Today in New Hampshire, Hillary Clinton outlined her vision for economic growth with fairness. She outlined her views on how America could restore a strong middle class in the face of globalization and the Bush Administration’s concerns for the special interests.
Rising Inequality Undermines the Middle Class
The fruits of our modern global economy are showing up in the corporate bottom line, not in workers’ paychecks. CEOs have seen their pay go from 24 times the typical worker’s in 1965 to 262 times the typical worker’s in 2005. Last year, the share of national income going to corporate profits was the highest since 1929 – while the share going to the salaries of American workers was the lowest.
Globalization and economic policy dynamics are generating rising income inequality In 2005, all income gains went to the top 10% of households, while the bottom 90% saw their income decline – despite the fact that worker productivity has increased for six years. In 1970, the top 1% of households held roughly 9% of our nation’s income. In 2005, they held 22% -- the highest level since 1929.
Harder for America’s middle-class and working-class families to make ends meet. Costs are up: health care premiums are up 87 percent since 2000. While productivity growth has gone up 18%, family incomes have gone down $1,300.
This Administration’s policies have fostered these economic outcomes.
Large corporate interests receive protection and benefits
No-bid contracts to Halliburton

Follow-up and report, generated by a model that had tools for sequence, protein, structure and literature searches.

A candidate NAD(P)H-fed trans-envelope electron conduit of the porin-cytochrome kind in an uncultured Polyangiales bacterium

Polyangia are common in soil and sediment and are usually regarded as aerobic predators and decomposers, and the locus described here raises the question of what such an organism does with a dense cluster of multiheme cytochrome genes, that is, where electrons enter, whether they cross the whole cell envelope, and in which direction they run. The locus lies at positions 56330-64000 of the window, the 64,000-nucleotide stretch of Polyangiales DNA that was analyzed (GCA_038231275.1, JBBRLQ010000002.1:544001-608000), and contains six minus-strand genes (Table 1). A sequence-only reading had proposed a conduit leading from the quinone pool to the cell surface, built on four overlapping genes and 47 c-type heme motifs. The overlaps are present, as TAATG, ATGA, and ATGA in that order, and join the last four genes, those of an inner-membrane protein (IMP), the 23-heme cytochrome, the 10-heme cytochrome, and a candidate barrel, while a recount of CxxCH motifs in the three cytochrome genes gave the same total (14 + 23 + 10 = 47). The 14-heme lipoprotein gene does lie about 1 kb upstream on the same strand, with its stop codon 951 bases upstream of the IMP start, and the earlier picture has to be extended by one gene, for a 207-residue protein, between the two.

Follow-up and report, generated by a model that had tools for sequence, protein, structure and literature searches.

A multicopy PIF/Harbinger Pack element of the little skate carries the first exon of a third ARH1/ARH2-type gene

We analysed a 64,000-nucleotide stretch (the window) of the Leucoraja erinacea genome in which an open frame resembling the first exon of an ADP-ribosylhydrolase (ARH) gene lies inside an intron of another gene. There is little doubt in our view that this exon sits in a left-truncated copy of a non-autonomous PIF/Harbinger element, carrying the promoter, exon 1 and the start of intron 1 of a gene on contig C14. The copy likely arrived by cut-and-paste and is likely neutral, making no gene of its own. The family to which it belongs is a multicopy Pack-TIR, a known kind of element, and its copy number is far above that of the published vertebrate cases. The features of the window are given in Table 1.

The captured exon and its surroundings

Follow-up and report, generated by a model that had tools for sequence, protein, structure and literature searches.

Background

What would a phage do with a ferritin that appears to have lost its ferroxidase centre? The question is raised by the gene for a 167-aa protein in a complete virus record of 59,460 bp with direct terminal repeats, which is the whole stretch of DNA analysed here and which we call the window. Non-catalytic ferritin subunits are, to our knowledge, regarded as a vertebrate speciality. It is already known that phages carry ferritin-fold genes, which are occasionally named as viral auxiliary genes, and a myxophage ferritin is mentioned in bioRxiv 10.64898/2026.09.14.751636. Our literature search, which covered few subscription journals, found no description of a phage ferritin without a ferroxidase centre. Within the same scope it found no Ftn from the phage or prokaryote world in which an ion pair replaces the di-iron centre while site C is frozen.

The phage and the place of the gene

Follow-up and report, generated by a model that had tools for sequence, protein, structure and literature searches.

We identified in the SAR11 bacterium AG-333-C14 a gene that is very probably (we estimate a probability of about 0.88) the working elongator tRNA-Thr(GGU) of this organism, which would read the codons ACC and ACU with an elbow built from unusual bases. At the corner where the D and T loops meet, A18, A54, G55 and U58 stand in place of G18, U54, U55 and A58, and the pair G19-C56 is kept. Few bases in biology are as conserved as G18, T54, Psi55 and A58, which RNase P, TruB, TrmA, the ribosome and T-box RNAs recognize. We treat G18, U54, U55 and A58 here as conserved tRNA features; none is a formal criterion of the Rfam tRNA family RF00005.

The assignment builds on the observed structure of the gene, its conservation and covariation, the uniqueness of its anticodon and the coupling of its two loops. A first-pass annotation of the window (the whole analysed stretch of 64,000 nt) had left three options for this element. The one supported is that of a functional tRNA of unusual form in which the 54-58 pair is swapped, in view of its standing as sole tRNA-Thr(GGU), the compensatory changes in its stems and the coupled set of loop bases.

Significant tax breaks to oil companies
Tax incentives to corporations shipping jobs overseas
A $1,000-per-patient subsidy to private Medicare plans
Every baby born today starts life with $29,000 of our national debt on his or her shoulders – the largest birth tax in our nation’s history.
A New Progressive Vision: Principles and Policies
We need a new vision of economic fairness and shared prosperity: The foundation of a strong economy is the investments we make in each other – in education, health care, clean energy and new technologies. Shared prosperity, which supports the hopes, dreams and aspirations of all our people, is the true measure of our economic success.
We can achieve these ideals – and this vision – by:
1. Leveling the playing field and reducing special breaks for big corporations. That means scaling back oil and gas subsidies; allowing Medicare to negotiate lower prices with big drug companies; and requiring big oil companies to either invest in alternative energy or pay into the Strategic Energy Fund to spur clean energy research and development.